filed: November 29, 1985.
COMMONWEALTH OF PENNSYLVANIA, APPELLEE,
JAMES F. CAMPITELLI, APPELLANT
Appeal from Order of the Court of Common Pleas, Criminal Division, of Berks County, No. 83193001.
Lawrence Sager, Pottstown, for appellant.
Charles M. Guthrie, Jr., Assistant District Attorney, Reading, for Commonwealth, appellee.
Wieand, Cirillo and Roberts, JJ.
[ 347 Pa. Super. Page 616]
Where a mistrial and continuance have been granted on motion of the defendant following allowance of a Commonwealth request to amend the information, do principles of double jeopardy bar a second trial? Appellant argues that because the trial court suggested in the first instance that a
[ 347 Pa. Super. Page 617]
motion for mistrial would receive favorable consideration, a second trial is barred unless the mistrial was manifestly necessary. We reject this argument and affirm the order denying a defense motion to dismiss.
James F. Campitelli, a police officer, was arrested and charged with bribery, accepting bribes, intimidating witnesses, official oppression and indecent assault as a result of an incident in which Campitelli allegedly threatened to arrest a young woman and her boyfriend unless the young woman agreed to engage in sexual intercourse with him. After a jury had been empanelled and sworn, the trial court suggested during a sidebar conference that several counts of the information should be amended to identify the names of the victims. When the Commonwealth moved for leave to amend, the request was opposed by the defense. The trial court overruled the objection and allowed the amendment. The following then occurred:
THE COURT: If you do plead surprise and you want to ask for a Bill of Particulars as it affects each of the alleged victims, that's another matter.
MR. SAGER: Well, certainly, Your Honor. I shall.
THE COURT: Any objection?
MR. KATZENMOYER: No, Your Honor, if that's what defense counsel___
THE COURT: I think he is entitled to it.
MR. KATZENMOYER: I understand, Your Honor, and that's why I have no objection.
THE COURT: I want to protect the Commonwealth's case; I want to protect the defendant, too.
A mistrial was declared, and trial was continued to a subsequent date. After the defendant had thereafter requested and received a bill of particulars, he filed a motion to dismiss on grounds that another trial was barred by principles of double jeopardy. The motion to dismiss was denied, and this appeal followed.
Appellant argues that we should review the grant of a mistrial as one entered by the trial court sua sponte. The
[ 347 Pa. Super. Page 618]
applicable law, he suggests, is that a second trial cannot be held unless the court's decision to declare a mistrial is based on "manifest necessity." See: Commonwealth v. Murry, 498 Pa. 504, 447 A.2d 612 (1982); Commonwealth v. Shirey, 333 Pa. Super. 85, 481 A.2d 1314 (1984). We reject this argument. The mistrial in this case was granted on motion of the defendant. It was requested in order to obtain a continuance and a pre-trial bill of particulars. That it originated with the defense was not altered merely because the trial court had suggested that a defense request for mistrial and continuance would probably be granted if it were requested. Appellant was entirely free to proceed to trial on the amended information or move for a mistrial and continuance. The decision to move for a mistrial was his; it was not in any way compelled by the trial court. The "manifest necessity" standard, therefore, has no application. See: United States v. Dinitz, 424 U.S. 600, 610, 96 S.Ct. 1075, 1081, 47 L.Ed.2d 267, 275 (1976) (manifest necessity standard not applicable where defendant moved for mistrial even though he had no reasonable alternative).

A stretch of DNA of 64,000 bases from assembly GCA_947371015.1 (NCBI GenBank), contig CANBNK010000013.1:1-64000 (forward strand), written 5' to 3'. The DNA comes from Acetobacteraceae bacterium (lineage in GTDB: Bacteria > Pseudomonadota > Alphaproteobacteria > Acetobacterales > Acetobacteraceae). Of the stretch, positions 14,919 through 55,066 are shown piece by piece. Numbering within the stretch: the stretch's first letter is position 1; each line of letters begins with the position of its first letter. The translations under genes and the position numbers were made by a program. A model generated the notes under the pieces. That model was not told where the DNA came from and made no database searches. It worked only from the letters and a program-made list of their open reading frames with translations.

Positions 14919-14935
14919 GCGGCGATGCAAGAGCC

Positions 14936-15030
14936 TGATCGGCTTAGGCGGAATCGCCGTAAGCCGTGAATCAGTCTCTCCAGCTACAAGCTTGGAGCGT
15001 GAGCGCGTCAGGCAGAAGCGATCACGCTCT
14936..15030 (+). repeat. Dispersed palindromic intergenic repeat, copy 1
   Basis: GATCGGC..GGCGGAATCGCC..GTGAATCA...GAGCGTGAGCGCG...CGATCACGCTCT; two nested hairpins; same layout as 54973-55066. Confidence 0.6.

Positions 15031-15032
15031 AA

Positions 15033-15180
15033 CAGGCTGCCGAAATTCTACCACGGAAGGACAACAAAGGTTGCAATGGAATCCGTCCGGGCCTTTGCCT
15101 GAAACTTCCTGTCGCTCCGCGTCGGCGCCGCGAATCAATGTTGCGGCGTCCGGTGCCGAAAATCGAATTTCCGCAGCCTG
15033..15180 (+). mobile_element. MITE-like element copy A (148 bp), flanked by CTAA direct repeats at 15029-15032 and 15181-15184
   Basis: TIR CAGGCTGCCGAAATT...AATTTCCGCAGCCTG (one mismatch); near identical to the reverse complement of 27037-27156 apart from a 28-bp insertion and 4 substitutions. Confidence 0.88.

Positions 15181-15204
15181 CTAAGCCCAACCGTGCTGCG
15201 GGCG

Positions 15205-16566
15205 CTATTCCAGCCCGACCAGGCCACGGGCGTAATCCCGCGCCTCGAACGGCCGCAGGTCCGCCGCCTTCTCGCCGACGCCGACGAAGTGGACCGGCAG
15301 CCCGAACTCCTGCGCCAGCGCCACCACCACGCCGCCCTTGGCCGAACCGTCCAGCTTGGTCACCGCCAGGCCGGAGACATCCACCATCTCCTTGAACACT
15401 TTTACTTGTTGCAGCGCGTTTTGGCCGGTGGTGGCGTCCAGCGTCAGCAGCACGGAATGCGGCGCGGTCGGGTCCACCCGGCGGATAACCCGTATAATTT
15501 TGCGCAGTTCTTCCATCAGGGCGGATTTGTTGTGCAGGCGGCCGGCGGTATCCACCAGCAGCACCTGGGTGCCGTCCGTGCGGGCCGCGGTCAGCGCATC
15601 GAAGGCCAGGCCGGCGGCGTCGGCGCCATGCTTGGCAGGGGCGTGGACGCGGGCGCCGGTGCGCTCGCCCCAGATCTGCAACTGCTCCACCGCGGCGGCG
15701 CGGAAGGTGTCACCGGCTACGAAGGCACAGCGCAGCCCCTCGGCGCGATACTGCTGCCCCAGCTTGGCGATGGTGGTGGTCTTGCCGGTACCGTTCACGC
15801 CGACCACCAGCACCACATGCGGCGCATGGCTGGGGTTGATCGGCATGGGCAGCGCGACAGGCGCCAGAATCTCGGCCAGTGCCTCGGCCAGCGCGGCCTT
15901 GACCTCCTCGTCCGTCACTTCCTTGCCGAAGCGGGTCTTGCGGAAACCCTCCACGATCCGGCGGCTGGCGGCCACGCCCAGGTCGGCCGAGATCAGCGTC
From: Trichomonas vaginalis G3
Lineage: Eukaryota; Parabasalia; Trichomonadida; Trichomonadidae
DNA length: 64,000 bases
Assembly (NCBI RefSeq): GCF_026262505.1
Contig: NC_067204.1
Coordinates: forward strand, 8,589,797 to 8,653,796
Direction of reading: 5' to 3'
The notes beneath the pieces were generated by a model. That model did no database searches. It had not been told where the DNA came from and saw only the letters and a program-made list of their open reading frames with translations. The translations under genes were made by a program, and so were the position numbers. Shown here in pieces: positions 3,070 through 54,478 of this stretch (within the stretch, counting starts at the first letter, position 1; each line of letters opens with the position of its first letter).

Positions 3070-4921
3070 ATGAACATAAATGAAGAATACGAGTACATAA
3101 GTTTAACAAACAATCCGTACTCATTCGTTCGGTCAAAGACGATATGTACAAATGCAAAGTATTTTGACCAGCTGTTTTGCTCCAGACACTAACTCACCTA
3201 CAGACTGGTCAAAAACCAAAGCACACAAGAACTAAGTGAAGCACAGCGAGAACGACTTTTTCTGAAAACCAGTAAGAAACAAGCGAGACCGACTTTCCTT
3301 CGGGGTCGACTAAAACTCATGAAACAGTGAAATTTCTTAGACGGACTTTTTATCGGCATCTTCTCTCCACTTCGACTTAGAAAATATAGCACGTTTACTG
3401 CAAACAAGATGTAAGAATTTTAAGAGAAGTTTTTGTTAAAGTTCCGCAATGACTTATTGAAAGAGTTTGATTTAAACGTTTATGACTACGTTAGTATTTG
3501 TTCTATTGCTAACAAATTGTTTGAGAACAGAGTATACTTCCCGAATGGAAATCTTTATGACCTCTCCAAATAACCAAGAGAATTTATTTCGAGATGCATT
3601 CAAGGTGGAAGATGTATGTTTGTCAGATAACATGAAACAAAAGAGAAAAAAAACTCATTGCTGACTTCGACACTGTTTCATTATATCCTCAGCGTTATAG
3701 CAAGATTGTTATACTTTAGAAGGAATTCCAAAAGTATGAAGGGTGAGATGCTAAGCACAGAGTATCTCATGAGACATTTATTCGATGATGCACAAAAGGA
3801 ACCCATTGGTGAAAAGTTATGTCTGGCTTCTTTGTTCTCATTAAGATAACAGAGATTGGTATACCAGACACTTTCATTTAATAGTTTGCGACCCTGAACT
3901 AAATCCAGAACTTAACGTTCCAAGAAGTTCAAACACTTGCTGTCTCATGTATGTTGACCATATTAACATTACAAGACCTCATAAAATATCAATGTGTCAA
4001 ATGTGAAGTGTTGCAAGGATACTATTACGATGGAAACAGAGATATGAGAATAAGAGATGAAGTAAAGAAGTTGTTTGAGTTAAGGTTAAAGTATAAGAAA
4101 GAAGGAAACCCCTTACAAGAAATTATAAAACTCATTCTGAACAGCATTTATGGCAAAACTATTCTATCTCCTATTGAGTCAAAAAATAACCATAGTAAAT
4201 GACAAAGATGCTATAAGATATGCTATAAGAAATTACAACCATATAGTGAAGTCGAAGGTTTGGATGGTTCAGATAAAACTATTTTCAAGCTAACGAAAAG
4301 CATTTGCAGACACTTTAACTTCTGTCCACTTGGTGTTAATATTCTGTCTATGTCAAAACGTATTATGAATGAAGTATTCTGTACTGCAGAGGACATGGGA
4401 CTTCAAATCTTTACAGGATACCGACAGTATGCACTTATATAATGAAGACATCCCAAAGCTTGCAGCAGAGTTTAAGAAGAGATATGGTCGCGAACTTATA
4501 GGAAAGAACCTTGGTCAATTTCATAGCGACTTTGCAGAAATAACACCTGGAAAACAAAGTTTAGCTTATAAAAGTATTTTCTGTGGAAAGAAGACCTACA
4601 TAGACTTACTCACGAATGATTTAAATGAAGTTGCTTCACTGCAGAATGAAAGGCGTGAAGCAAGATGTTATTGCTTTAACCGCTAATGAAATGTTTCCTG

Where a defendant requests a mistrial, "'the circumstances under which . . . [he] may invoke the bar of double jeopardy in a second effort to try him are limited to those cases in which the conduct giving rise to the successful motion for a mistrial was intended to provoke the defendant into moving for a mistrial.'" Commonwealth v. Riffert, 322 Pa. Super. 230, 233, 469 A.2d 267, 269 (1983), quoting Oregon v. Kennedy, 456 U.S. 667, 679, 102 S.Ct. 2083, 2091, 72 L.Ed.2d 416, 427 (1982). A retrial will not be barred where a mistrial was granted upon a motion of the defendant unless the motion was based upon prosecutorial misconduct "undertaken with the specific intent to precipitate a mistrial." Commonwealth v. Simons, 342 Pa. Super. 281, 291, 492 A.2d 1119, 1125 (1985) (emphasis in original).
The record in this case does not disclose misconduct by the prosecution or trial judge; much less does it disclose misconduct designed to force the defendant to move for a mistrial so that the Commonwealth might enjoy a better
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chance to obtain a conviction before another jury. The trial judge merely suggested that the information should be amended to identify the victims before the taking of testimony began. The amendment which was allowed did not charge an additional or different offense. Therefore, it was proper and in accord with Pa.R.Crim.P. 229. Nevertheless, in a display of caution, the trial court inquired whether the defense desired a postponement of the trial in order to assimilate the amendment and prepare to meet the same. This was entirely proper. Indeed, it is the procedure suggested by the language of Rule 229. When the defendant moved for a mistrial thereafter, the motion was not prompted by conduct of the prosecution calculated to obtain a more favorable opportunity to obtain a conviction. It was prompted, rather, by defendant's desire to obtain additional time and information before proceeding to trial.
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